People could die!

Do I have your attention? Good. You dinosaurs will need the whole walnut today. Listen carefully.

I am tired and sick of reading reviews of movies written by amateurs, mostly on the internet, who think it makes them look counterrevolutionary to put down real movie critics simply because they are critics and to say things like,

"Fuck off, serious film lovers."

This does not make your review more real to the little people. There are two things to offer in support of a movie review that make it stronger:

  1. Evidence
  2. That is the only thing that makes it stronger

That's it. Saying that rational thought and critical thinking are not important to you does not make your movie review somehow better, as ridiculous as that might sound to you. I know it is hard, but opinions are not opinions because you come to them randomly. Just because something happens to be on the movie screen in front of you doesn't mean you have to agree with it, like it, enjoy it, or appreciate it. You're certainly free to do so, but not when it doesn't make sense to me.

What am I talking about?

What I am talking about can best be understood by examining the statistical mechanics of movie quality. On the scale of worst to best, the class of movies that you see in theaters should fall into some approximation of a Gaussian distribution. Taking the set of all movies you've seen this year, there exists an element of that set, possible entitled Jeepers Creepers 2, that has the lowest comparable quality. If you cannot assume that the quality of movies can be compared, you shouldn't write a review. That's what a review is -- a comparison of the quality of various elements of a movie in such a way that the reader, possibly with other relative weights on various categories, can come to their own conclusion about the potential relative quality of said movie.

So out of the last dozen movies you've seen in the theater, stretching back quite a ways, you should be able to construct a Movie Quality Index, or MQI, in your head. Here is how it might look:


worst movie                                                                     best movie

There is an average, decent, normal quality of movie that you've seen the most of. There is some point in the center that is better than half and worse than half. There are movies at each extreme. Notice that I am not trying to legislate which movies are good and which are bad -- this is left to you. Naturally. That is the great thing about opinions.

This kind of movie index is a problem, but it is common among amateur movie reviewers:

some movie it's cool to hate          next worst movie                          best movie
The second worst movie you see can't be average. Look, you knew it was bad. Everyone's lines made no sense. You didn't know what was going on. That chick in the leather pants wasn't even that hot. You didn't really care. But whoop-de-do, through the magic of apathy and some kind of wacky affirmative action movie action, and because there were a few explosions, you can load up your favorite web browser, point it at a web community, preferably one that does not involve voting so you're free to say idiotic things, and post a review where you say "It was fine, movies are entertainment, I just turned my brain off."

Turn it back on, please. Flip the fucking switch.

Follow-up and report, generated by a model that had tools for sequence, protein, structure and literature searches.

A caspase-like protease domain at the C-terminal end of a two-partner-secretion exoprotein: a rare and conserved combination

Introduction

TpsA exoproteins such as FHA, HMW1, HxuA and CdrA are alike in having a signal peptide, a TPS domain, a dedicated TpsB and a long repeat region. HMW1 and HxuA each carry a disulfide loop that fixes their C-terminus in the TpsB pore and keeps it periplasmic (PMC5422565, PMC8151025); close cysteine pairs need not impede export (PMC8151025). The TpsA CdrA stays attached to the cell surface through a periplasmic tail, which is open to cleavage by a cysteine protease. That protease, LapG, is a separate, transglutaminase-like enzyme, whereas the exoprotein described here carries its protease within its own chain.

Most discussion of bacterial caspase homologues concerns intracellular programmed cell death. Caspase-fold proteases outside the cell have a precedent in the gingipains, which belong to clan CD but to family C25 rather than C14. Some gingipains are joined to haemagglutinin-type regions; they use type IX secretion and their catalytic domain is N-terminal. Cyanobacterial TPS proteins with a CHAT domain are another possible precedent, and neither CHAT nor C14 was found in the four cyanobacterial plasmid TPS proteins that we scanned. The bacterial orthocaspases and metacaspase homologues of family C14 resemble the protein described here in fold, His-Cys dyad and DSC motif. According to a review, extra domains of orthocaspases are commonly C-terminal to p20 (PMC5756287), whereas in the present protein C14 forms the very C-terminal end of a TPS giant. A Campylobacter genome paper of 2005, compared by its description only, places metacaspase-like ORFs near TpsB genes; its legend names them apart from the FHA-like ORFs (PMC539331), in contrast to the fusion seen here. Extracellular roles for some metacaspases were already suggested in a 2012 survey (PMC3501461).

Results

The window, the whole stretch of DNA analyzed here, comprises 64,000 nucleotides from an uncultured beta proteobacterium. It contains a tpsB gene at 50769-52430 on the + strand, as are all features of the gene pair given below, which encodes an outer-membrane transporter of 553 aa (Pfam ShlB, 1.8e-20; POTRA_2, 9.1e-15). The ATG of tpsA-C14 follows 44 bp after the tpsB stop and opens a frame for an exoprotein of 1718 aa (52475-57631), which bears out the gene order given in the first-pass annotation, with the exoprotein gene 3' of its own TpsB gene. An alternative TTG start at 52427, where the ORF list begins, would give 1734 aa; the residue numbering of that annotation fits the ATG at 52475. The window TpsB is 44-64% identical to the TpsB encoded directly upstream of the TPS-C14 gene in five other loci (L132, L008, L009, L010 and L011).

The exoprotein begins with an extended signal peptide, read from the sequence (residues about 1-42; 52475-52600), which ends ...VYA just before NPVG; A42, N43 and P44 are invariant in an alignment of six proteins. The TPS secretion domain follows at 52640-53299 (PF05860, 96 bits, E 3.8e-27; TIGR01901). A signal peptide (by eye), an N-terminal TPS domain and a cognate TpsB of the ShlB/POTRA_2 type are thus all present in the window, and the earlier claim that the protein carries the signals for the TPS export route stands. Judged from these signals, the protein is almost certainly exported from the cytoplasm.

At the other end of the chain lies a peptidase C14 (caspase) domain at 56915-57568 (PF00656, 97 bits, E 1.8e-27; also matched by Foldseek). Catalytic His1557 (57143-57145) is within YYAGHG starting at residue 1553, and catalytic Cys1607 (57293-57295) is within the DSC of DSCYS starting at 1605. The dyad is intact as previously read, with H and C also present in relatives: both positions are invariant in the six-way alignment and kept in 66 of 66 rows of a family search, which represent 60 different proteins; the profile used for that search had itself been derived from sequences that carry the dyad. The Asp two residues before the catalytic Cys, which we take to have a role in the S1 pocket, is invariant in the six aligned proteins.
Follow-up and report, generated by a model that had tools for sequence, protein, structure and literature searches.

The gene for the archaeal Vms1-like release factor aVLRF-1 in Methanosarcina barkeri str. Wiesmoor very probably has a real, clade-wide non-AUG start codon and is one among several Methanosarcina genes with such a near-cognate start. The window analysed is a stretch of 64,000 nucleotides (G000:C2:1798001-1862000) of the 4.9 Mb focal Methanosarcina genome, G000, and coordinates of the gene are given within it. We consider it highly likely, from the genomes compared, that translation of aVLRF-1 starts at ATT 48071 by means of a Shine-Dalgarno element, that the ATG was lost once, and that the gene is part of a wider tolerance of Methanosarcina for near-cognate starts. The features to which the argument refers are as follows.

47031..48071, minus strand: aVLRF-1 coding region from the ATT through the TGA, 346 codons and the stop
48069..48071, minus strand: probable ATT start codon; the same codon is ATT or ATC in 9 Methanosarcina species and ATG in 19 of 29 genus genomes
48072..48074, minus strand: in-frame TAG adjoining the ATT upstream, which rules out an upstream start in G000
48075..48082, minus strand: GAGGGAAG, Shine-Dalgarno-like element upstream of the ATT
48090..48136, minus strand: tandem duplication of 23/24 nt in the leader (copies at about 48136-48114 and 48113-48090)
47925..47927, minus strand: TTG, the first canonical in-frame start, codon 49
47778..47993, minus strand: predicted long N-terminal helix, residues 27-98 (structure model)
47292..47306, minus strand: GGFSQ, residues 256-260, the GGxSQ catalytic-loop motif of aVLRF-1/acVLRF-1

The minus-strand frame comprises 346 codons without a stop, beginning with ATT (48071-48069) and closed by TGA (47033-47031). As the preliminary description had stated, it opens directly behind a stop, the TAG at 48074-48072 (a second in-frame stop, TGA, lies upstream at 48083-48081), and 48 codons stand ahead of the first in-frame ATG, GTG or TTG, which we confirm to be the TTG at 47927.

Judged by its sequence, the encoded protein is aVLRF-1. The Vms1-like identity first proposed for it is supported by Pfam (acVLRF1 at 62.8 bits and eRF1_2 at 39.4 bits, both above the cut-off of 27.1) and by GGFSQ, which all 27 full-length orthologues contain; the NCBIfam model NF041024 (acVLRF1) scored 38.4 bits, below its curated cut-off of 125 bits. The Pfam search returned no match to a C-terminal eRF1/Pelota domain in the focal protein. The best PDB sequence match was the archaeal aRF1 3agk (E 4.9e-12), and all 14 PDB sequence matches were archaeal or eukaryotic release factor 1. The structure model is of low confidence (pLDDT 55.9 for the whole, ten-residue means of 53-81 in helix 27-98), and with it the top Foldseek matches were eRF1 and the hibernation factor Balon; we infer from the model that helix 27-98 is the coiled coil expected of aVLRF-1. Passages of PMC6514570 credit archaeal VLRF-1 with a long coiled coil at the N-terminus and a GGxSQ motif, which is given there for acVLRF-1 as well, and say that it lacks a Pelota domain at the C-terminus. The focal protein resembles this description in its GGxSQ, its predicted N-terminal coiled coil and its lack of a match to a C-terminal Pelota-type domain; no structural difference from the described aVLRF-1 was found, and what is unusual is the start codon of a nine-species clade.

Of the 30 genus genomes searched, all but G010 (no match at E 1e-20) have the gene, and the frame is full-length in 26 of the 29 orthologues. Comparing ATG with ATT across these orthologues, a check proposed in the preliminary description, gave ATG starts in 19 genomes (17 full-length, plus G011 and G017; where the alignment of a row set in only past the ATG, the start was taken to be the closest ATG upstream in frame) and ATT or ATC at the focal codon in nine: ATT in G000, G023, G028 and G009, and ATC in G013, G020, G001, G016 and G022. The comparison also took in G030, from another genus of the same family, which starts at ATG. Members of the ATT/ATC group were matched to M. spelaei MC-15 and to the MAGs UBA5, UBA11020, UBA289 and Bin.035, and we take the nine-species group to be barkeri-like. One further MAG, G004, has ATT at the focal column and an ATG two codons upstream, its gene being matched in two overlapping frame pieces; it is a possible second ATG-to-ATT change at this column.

First of all, that wasn't even correct grammar. You should have used semicolons, or better yet, rewritten the sentence so that it is less crazy. Second of all, it can't be "okay" if it was the second worst movie you've seen in a long time, and only because it was trendy to hate the worst one. That makes as much sense as a screen door on a battleship.

I realize that there are other idiotic ways to relate to movies, such as thinking all movies are either amazingly great or horribly terrible, or thinking a movie is better because it is foreign, or thinking that it is better to base a movie-viewing decision on a marketing campaign (agenda: make money) rather than a good, friendly, familiar independent critic (agenda: make movies better). I realize those are problems, but I hereby resolve not to bitch about those topics until far in the future when Everything666 has reduced the universe to dust in a cataclysmic inferno of carnal knowledge.

So lets get back to the point. If a movie could have been better, it's okay to say so. If it could have been worse, that's great too. But like black Division I college football coaches, if all of your movie reviews claim that reason and accountability are unnecessary for movies, you need to rethink your hiring practices.

Lets take some straw men from the audience, shall we?

Q: Don't you realize that I go to the theater for escape, and don't want clever words, annoying relationships, and complicated plot?

A: Yes, but don't you want your escapism to be quality? Some movies get you on the edge of your seat, and some don't. Some movies surprise and shock you, and some don't. Distinguish between them, see and recommend the best, and suddenly you will be happier and will have everlasting erections.

Q: You are an elitist discriminating asshole. Stupid movie reviews don't kill people. Calm down.

A: *ahem* Please phrase your questions in the form of questions.

Q: You are an elitist discriminating asshole, aren't you?

A: Perhaps. But it is for your own good. Look, we all want to get the most for our money, don't we? When "just barely okay" is acceptable for our multi-billion dollar industries, where will it stop? Suddenly it will be peachy keen to justify going to war because of bullshit because we can just collectively turn our brains off and watch the explosions on television. Oh wait, that already happened, and bad movie reviews are the cause.

Remember: movie reviews are a matter of life and death.

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